1. Trying to be redeemed for LUNA at $1, putting sustained downward price pressure on LUNA.
    2. Being transferred off Terra chain, and sold for a discount, causing downward price pressure on peg. 
  8. Drop in peg price of UST accelerates the size of the loss LUNA takes on each redemption, as they’re effectively paying $1 for less. 
  9. Money is removed from the TFL Bitcoin Wallet per a decision by the ‘Luna Foundation Guard’ (questionably decentralized), composed of people on the LUNA core team. They:
    1. Loan $750M worth of BTC to OTC trading firms to help protect the UST peg.
    2. Loan 750M UST to accumulate BTC as market conditions normalize.
  10. The problem is that UST is trading extremely cheap, so TFL’s ability to pay back Market Makers for their peg support decreases rapidly. If BTC was sold (hard to show, definitively, but likely), it would put downward pressure on the price of BTC, which would further drag down the entire market, and aggravate the spiral. 

As of afternoon on 1/22, Peg has recovered from a low of $0.66 to $0.90. Despite this, LUNA price has steadily decreased as redemptions of UST into LUNA continue to be market sold.

Many ‘Lunatics’ will likely remain bullish, citing UST’s ability to withstand a bank run, and the idiosyncratic nature of the initial attack on the Curve Pool. However, there are a few main bear counterarguments that remain important, and solving them is crucial to Terra’s future success. 

Remaining Issues

The key point on the Terra bear thesis remains the lack of non-mercenary yield (read: Anchor) protocols for interacting with UST. Stablecoins are meant to be highly liquid vehicles for transacting. However, for UST, liquidity was leveraged and highly concentrated in a single platform. Anchor had $14bn in deposits a week ago, compared with an $18bn Market Cap for UST. Clearly, the number of actual use cases beyond depositing to earn in Anchor (or derivatives of Anchor - like Degenbox) are limited.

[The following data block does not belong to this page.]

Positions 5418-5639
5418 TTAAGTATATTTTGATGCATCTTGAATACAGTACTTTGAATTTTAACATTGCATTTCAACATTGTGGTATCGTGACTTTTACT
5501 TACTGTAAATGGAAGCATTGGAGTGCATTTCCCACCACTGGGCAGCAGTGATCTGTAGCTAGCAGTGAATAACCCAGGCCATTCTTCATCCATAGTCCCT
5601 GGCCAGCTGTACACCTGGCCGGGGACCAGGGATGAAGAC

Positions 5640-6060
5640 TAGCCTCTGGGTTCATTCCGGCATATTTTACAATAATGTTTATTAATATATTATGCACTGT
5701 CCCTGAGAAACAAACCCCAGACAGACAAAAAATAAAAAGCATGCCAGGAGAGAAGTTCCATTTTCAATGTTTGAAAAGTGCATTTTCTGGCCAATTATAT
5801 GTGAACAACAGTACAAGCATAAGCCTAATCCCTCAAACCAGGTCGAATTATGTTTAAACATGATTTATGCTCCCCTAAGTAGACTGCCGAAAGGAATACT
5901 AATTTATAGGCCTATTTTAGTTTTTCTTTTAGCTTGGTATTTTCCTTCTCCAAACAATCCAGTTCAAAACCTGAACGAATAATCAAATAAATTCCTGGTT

That makes UST a risk-on asset, relative to other stables like USDC and USDT, which are cash or cash equivalent backed. Yields generated by UST remain largely subsidized, with Anchor yields compressing. As investors shifted from being risk-on and hunting yield, to risk-off and becoming yield agnostic, UST’s sole appeal became less relevant. Even prior to the Curve pool issues, money had begun flowing out of Anchor. 

So, what’s the solution for Terra?

  1. First, the team has to once again establish confidence in the algorithm and the model as a whole. Without it, the underlying ‘algorithm’ won't work. Sell pressure on LUNA will simply be sustained until there is insufficient capital to defend the peg. Speaking of, there’s a lot of debate around fundraising for peg defense, which should indeed help with some of this fear. That said, it’s hard to say that this process won’t play out again, unless… 
  2. Second, and most important, is creating use cases for UST outside of Anchor. While this has been an ongoing goal of the Terra ecosystem for a while, it has yet to come to fruition. If UST is being held through treasuries, used in pools, and otherwise genuinely integrated into DeFi, bank runs become much more difficult. 

This report is for informational purposes only and is not investment or trading advice. The views and opinions expressed in this report are exclusively those of the author, and do not necessarily reflect the views or positions of The TIE Inc. The Author may be holding the cryptocurrencies or using the strategies mentioned in this report. You are fully responsible for any decisions you make; the TIE Inc. is not liable for any loss or damage caused by reliance on information provided. For investment advice, please consult a registered investment advisor.

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Jack Melnick

Jack Melnick

Jack Melnick, Author at The Tie

VP of Research